I've been following events in Tehran via Twitter and learning a lot about that networking site in the process. One of the people in Iran getting clear, consistent and insightful tweets out is a woman using the name oxfordgirl. Obviously a born leader, her tweets are a combination of advice to those on the streets and in Iran and reports to those outside. For those of you who don't use Twitter, a post is limited to 140 characters, so the messages are by definition brief.
The picture emerging from her messages and those of others is of massive police force meeting the planned protest at 4 pm, scattering protesters into side streets where fighting has occurred with rock-throwing, and protesters being badly beaten. Police have used water cannons, tear gas and something acidic sprayed from helicopters. Shots have been fired and at least one body was carried away. Moussavi has addressed the crowd saying he is prepared for martyrdom.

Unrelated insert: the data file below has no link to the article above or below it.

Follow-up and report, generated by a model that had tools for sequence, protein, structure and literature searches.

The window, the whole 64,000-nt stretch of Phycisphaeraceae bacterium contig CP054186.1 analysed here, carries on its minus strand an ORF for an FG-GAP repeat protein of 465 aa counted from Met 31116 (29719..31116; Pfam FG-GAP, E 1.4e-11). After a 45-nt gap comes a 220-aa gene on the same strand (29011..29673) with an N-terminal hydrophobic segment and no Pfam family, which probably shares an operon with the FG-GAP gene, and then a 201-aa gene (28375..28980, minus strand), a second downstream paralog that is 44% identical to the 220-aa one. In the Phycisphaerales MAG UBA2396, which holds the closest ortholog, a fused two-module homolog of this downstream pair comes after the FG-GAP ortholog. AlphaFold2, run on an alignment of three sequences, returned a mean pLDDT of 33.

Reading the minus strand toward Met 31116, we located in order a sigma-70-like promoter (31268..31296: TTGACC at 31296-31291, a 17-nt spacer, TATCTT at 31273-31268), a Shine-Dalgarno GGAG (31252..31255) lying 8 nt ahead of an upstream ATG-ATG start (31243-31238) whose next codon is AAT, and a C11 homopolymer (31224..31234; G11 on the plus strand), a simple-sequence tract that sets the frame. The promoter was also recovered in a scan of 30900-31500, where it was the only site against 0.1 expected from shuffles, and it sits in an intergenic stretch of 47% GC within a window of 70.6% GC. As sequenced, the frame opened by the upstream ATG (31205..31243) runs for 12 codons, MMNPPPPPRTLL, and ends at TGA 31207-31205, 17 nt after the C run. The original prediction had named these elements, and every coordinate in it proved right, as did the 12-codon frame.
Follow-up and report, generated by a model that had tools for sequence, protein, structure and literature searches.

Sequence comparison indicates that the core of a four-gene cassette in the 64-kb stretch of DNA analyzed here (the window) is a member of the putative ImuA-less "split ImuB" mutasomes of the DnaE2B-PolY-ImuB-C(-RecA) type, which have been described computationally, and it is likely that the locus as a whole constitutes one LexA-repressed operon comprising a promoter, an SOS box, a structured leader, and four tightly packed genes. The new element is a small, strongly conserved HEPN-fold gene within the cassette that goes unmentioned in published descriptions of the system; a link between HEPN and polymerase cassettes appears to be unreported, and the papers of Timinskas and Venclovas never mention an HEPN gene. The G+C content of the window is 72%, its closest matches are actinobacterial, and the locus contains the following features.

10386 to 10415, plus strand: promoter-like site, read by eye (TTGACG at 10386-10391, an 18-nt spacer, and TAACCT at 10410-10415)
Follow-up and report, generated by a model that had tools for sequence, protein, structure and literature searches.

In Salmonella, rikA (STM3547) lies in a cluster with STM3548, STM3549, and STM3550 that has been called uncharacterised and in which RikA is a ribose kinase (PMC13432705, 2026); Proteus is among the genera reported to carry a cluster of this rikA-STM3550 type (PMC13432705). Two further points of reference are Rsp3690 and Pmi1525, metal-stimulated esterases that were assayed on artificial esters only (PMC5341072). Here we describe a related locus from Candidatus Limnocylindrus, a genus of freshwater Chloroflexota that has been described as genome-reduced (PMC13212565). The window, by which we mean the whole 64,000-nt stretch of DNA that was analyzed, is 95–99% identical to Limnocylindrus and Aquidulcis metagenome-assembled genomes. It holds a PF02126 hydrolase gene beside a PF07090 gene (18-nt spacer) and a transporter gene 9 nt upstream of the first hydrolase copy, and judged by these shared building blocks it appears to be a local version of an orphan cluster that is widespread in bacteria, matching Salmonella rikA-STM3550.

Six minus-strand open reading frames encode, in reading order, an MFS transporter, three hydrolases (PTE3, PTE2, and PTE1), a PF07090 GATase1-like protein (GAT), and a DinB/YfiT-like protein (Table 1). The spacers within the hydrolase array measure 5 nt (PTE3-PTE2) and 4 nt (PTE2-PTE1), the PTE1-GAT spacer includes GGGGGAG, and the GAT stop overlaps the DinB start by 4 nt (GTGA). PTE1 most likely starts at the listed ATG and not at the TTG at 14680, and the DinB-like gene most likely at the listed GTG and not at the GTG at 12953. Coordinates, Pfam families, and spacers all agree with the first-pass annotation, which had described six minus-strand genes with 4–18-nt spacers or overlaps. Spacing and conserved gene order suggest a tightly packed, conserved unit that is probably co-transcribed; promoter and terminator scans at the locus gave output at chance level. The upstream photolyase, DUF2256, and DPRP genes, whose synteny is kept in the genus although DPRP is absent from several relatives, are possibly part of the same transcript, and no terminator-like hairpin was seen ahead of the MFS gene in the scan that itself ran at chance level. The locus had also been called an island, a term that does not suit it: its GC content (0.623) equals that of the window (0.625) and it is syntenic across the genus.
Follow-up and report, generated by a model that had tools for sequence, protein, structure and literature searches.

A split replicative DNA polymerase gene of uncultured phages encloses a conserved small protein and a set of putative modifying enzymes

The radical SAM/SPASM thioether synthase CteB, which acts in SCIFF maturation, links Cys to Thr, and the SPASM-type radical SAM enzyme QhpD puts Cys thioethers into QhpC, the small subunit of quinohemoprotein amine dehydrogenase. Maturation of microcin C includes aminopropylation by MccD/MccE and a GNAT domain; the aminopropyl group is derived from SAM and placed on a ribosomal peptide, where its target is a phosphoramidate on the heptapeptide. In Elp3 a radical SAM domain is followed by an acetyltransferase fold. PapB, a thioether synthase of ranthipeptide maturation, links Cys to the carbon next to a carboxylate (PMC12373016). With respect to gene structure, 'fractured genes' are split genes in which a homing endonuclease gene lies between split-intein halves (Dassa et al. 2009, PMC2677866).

An estimated 2,000 people had been arrested before today. It seems this crackdown is sparking a heightened, emboldened resistance. Why am I reminded of being in Berkeley during the anti-Vietnam War protests? Excessive police force is always a poor response to protest. As Gandhi said: "First they ignore you, then they ridicule you, then they fight you, then you win."
Opened the Divan of Hafiz again today - this is a tradition well-known in Iran, seeking advice from Hafiz - and this is what I first read:
Tis the ambush-place: and very swiftly thou goest. Be sensible: do not go swiftly lest from the broad king's highway, should ascend the dust of thee.
Be brave but be safe.